Proposed Dual Enrollment Bill Limits Hours and Limits Opportunity for Students


Photo courtesy of GSU Admissions

Students stroll Georgia State's main campus.

Carson Ankeny, Staff Writer

Massive changes to the state’s beloved dual enrollment program are currently moving through Georgia’s legislature, and could fundamentally change the way that dual enrollment in the state functions. The proposed bill intends to cut spending on dual enrollment, and this decision by state lawmakers has drawn the ire of many students at Chamblee and around the state, who think that the alterations to the program will essentially gut it and take away opportunity for students. 

At Chamblee, the possible stark changes to the program have been a hot topic of discussion since the dual enrollment information meeting hosted by the school counselors on February 4, which was underscored by the phrase “as of today.” After every piece of information they gave the audience about the program, the counselors reiterated that things could change, because with the new legislation, everything could be different. 

Georgia House Bill 444 would limit the maximum amount of hours a high school student can take to a total of 30 credit hours if they want them to be paid for by the state. It would also stringently limit dual enrollment opportunities for ninth and tenth graders. These changes worried a lot of students currently participating in dual enrollment at Chamblee.

“I don’t know too much about the legislation, but I am a little bit concerned,” said junior Nicholas Oselette, who began dual enrollment this year. “I’ll be able to take dual enrollment classes next year, but it really limits my options for next year. I’m taking two classes that are three hours per semester this year, so I’ve already used twelve of my hours up. I can only do three dual classes next year with these limits. ”

This sentiment was shared by many other juniors who plan to take dual enrollment classes next year, who feel that 30 hours is quite restrictive.
“The total for all of high school being 30 hours is definitely going to be a barrier to what classes I’m going to be able to take next year,” said junior Nolan Kurtzer. “If you do dual enrollment for more than two years, it’s going to be very hard to take less than 30 credit hours total, because I’m only taking two classes this year, and that’s twelve hours right there.”

Georgia Governor Brian Kemp is expected to sign the bill into Georgia law soon, as it has now cleared both the Georgia House and Senate. Therefore, students should be prepared to work within the new limits the bill outlines.

“Now that I know this is most likely going to become law, I’ve started looking at the classes that I’m going to take next year and I’m being very selective with them,” said sophomore Alex Jovanovic. “I’m making sure that I’m not just going to sign up for a class that’s going to end up being a waste. I want to make the most of the classes that I dual enroll in.”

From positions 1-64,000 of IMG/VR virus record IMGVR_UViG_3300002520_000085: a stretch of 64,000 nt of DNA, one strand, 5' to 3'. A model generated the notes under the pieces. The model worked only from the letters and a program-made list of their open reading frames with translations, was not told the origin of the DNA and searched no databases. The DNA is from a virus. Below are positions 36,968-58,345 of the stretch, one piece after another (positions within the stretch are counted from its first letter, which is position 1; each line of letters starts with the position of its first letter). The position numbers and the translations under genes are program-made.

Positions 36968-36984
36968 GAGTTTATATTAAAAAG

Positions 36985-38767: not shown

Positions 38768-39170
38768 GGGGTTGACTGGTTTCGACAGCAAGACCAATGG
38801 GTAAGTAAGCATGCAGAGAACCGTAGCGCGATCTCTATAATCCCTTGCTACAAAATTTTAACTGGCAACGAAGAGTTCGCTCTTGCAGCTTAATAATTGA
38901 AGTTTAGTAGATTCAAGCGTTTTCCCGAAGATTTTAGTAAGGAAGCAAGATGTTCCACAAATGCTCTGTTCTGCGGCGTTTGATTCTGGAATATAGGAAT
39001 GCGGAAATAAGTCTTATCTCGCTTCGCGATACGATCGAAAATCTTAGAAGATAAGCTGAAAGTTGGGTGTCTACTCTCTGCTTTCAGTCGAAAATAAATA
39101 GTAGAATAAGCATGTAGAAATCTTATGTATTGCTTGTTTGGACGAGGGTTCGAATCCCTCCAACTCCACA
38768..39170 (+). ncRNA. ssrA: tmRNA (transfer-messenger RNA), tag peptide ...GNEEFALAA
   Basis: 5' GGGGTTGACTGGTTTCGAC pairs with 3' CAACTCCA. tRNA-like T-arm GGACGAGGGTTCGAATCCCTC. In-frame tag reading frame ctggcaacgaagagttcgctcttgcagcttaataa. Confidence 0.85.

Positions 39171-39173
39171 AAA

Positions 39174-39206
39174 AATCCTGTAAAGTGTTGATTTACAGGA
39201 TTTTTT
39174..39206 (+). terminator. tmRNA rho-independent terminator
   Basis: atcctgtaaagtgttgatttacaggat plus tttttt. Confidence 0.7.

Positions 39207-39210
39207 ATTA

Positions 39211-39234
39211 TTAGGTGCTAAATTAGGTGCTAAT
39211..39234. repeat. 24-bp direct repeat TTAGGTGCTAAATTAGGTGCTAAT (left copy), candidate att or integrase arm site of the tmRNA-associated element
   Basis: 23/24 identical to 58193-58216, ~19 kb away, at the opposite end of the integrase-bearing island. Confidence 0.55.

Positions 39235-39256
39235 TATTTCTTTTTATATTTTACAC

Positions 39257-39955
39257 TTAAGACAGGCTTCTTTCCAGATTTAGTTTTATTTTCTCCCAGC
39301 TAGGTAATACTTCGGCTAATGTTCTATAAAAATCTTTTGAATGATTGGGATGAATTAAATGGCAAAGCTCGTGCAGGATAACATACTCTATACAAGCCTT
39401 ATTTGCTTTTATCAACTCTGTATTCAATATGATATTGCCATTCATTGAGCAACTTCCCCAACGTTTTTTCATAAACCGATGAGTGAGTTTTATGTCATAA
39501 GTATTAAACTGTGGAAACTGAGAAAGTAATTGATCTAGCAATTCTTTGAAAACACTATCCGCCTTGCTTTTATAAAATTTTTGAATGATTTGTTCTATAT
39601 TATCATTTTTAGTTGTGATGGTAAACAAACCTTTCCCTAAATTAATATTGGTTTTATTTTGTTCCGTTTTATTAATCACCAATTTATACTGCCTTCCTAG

Juniors who are taking dual enrollment classes already didn’t have that luxury of being able to choose their classes carefully.

“I’m taking Astronomy this year as a dual enrollment class, actually,” said Oselette. “It’s a good class, and I wouldn’t really say I regret taking it, but with the new hour limits there may be classes next year that I want to take that I can’t. So maybe Astronomy wasn’t a class I should have taken, I don’t know.”

Other students are more worried about the effects of these changes on students who planned to utilize dual enrollment to work towards an associate’s degree.

“The cuts to the program may be good for the state budget, but they aren’t good for students,” said senior Tiffany McWilliams, who participates in the dual enrollment program at Georgia State University. “I think investing in education is a really important thing and these changes will limit opportunities for kids across the state to get ahead in education. Now it will be impossible for students to earn an associate’s degree before graduating high school, since the changes limit the number of hours the state will cover.”

Other students didn’t have as much of a problem with the changes.

“I think I took good classes this year, like calculus,” said Kurtzer. “I don’t think that the limits are really going to be an issue, because I didn’t plan to take more than 30 hours anyways. Maybe for some other people it’s going to be a problem, but for most students, I don’t think they’re going to go over 30 hours. So the changes should be fine for most people.”

But others disagree, stating that the limit on hours is going to harm the program and a lot of students.

“30 credit hours translates to one year of full time dual enrollment,” said McWilliams. “There are a lot of kids at CCHS who did part time dual in their junior year, and then full time senior year. After this new limit goes into effect, students won’t be able to do that. The option to do part time dual enrollment one year and then full time the next, as well as the option to earn an associate’s degree will now be off the table, which is unfortunate. I’m disappointed by these changes, to put it simply.”